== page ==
What is the most challenging part?
Working for yourself is not always easy. Some days I am the worst procrastinator and with my office being part of my home, the boundaries are not always what they should be! Income generation is also often a ‘feast or famine’ scenario with each month pretty much starting off from a zero base. But I am learning to rest in the calm periods, so that I have energy for the peak ones!
What is your typical day, or maybe week if days are very different?
I confess my days are very varied. If I’m training full day I generally head off early after dropping the boys at school and am immersed in facilitation until I can reconnect with them around 17h30. But most days I limit my coaching and business meetings to being before 14h00 and then work with my children on homework/extra murals during the afternoons.
What are the “secrets” to your success?
Success is such a personal term and I often spend time defining it individually with clients. For me it is about being able to spend the quality of time I would like to with my sons and husband, while pursuing a career that is fulfilling, stimulating and generates a level of income that is rewarding. Some months I achieve that and some months I don’t.
I believe in daily practices, daily disciplines that allow me to win the next new client or help my son perform in his next piano recital. Secondly I believe in continuing to invest in myself, for example to accredit in a new facilitation tool or coaching technique. You can call it ‘Continuing Professional Development’ but I need to keep learning to offer new things to my clients. And then I swear by exercise (preferably dancing) but a run will do, to re-energise me and keep me healthy.
As a mom how do you get the balance between your family and career life right? Your tips and tricks?
I have a good support structure; my husband is very willing to manage the boys if work allows, and perfectly capable of doing so (except where time management is concerned!) I also have a fantastic house keeper who helps me manage the B&B and do foundational homework with the boys if I can’t be home. Finally I have two wonderful baby sitters/ad hoc au pairs on whom I can call to allow me to dance in the evenings or attend school meetings/work functions.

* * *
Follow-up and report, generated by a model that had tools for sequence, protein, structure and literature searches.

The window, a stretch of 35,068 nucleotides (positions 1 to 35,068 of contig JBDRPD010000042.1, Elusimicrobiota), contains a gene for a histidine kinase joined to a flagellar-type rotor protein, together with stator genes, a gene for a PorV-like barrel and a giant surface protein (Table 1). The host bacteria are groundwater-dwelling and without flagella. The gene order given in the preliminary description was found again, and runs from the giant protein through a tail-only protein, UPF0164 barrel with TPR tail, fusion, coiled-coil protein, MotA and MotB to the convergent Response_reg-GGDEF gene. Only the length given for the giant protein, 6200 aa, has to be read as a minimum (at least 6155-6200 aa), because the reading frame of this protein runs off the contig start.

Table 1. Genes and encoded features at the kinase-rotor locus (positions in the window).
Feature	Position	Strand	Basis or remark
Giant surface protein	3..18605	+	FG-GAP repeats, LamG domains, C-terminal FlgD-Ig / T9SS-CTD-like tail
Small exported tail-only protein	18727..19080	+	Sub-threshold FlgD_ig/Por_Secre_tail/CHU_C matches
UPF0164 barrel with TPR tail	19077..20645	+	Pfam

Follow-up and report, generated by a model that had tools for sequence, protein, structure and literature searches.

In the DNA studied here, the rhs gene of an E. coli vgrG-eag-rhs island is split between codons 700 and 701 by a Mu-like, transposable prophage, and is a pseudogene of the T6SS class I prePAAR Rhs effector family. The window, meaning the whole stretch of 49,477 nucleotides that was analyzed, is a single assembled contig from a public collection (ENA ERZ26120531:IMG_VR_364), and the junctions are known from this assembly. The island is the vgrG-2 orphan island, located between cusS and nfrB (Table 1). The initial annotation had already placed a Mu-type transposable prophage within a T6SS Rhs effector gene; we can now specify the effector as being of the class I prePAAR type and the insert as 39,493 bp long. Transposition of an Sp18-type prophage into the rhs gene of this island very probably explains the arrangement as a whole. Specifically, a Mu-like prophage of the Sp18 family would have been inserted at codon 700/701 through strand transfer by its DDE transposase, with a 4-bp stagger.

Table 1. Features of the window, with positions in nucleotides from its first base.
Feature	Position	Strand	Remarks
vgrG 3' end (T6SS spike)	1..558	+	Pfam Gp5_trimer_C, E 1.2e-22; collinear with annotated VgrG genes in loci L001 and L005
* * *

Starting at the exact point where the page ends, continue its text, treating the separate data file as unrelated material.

Work-life integration is a key topic for me and I don’t believe we can separate our lives from our work and our work from our lives, if we are truly passionate about both. Besides if the stats are right that we spend 1/3 of our lives working, I’d hate to think of that as not living!
I don’t have the answers, but I am certainly learning to live more along the lines of ‘80:20’ ie I can get 80% of it right and let the other 20% go. As a perfectionist that’s’ been hard, but I am learning to tame the voice of guilt and to accept ‘good enough’! Finally it is my husband who introduces an element of fun and it has certainly saved the day when we’re all at loggerheads or even in a heated client situation!
What do you do for fun in your down time?
After years of not practising as a ballet teacher (I qualified in 2002 before I had my sons) I discovered Ballroom and Latin-American dance in 2012. It is my not so secret passion and I now teach beginner classes for adults as well as competing on the Pro-Am circuit! My family knows it is my love and are integrally involved in supporting me.
That aside I love to escape into a good book or take a weekend walk/ hike with the boys or a run with my husband.
What do you still want to achieve?
I find this a tricky question since one feels tempted to say ‘fame and fortune’! I would like to have an impact on the promotion of female talent in the workplace and for organisations to better value and support their women.
And on a personal level I would like to help grow my sons into resilient and confident young men, who are creative and flexible enough to find their own passion and generate a generous income from it.
Thanks so much Karen. How very inspiring you are!!
Images: Karen Grant